And as for loans? There are two key points to make about loans going ‘bad’. Firstly, if loans do go sour – we must ask what sort of collateral they are secured against – loans to values of housing look sound, particularly given the rise in house prices over the last two years. In consumer unsecured credit, banks enter this year with materially smaller loan books as consumers have spent the last two years paying off their balances at a record pace. The opposite trend to what would be seen in a typical consumer led boom to bust recession.

Lastly, and most importantly, the best predictor of defaults has been employment. As long as borrowers have jobs, they tend to make their loan repayments. The current strength of the jobs market (low unemployment and well in excess of a million unfilled job vacancies) combined with the conservative positioning of the consumer loan books coming into this year, gives us confidence that any forthcoming impairment cycle will be manageable for the banks.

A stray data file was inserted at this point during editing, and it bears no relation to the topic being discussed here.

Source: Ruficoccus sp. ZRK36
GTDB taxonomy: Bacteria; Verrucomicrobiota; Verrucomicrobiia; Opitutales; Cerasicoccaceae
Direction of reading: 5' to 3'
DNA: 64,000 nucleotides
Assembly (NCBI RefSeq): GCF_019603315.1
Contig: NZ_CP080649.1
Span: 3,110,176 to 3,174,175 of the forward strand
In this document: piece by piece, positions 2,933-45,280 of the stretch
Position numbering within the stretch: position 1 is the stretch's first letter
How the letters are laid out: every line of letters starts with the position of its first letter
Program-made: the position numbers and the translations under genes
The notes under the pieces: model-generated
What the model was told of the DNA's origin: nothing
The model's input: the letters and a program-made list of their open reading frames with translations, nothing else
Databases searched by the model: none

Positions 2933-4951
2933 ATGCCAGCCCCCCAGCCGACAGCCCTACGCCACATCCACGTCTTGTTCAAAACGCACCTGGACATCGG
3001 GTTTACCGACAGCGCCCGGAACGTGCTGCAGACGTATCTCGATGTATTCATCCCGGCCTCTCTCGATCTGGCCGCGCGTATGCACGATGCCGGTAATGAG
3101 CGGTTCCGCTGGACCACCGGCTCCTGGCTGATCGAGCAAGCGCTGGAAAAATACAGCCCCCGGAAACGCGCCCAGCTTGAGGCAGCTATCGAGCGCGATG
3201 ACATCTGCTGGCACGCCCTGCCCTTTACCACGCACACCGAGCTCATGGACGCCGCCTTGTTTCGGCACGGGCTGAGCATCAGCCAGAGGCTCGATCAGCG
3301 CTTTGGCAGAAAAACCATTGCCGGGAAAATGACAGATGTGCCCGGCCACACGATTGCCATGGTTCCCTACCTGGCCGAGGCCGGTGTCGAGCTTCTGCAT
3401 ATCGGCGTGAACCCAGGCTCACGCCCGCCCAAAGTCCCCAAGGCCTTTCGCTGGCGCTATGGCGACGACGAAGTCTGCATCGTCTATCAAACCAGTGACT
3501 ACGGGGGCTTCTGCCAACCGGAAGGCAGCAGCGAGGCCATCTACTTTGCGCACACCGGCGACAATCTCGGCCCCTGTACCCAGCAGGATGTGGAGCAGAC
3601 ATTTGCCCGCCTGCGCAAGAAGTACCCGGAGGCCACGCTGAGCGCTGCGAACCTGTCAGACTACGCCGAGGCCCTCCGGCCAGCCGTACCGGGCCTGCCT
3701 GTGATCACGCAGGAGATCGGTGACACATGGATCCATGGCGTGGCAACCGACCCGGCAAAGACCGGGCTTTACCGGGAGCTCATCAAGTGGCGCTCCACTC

Looking further ahead one has to be cognisant of the threat of disruption from new entrants. Indeed many Fintech ‘Unicorns’ (start-ups with a valuation of over £1bn) have been born from the promise of disrupting a small but highly profitable part of the bank’s operations. Foreign exchange for UK consumers would be an obvious example. There will be more to come and while we acknowledge the generational changes in habit that are occurring, we don’t see ‘Buy Now, Pay Later’ as representing a meaningful threat in the near term. The banks themselves are adapting and many of these models have relied on cheap funding – something that will get more expensive as interest rates rise.

Indeed the banks have enviable economic moats due to a combination of long-established current accounts (‘primary relationships’) and scale. Challenger banks struggle to compete with these holy grail current accounts, particularly in a rising rate environment, as they provide a cheaper source of funding for loans. Although some customer data can be bought, the incumbents extensive customer data and pre-eminence in credit cards will remain unparalleled for some time.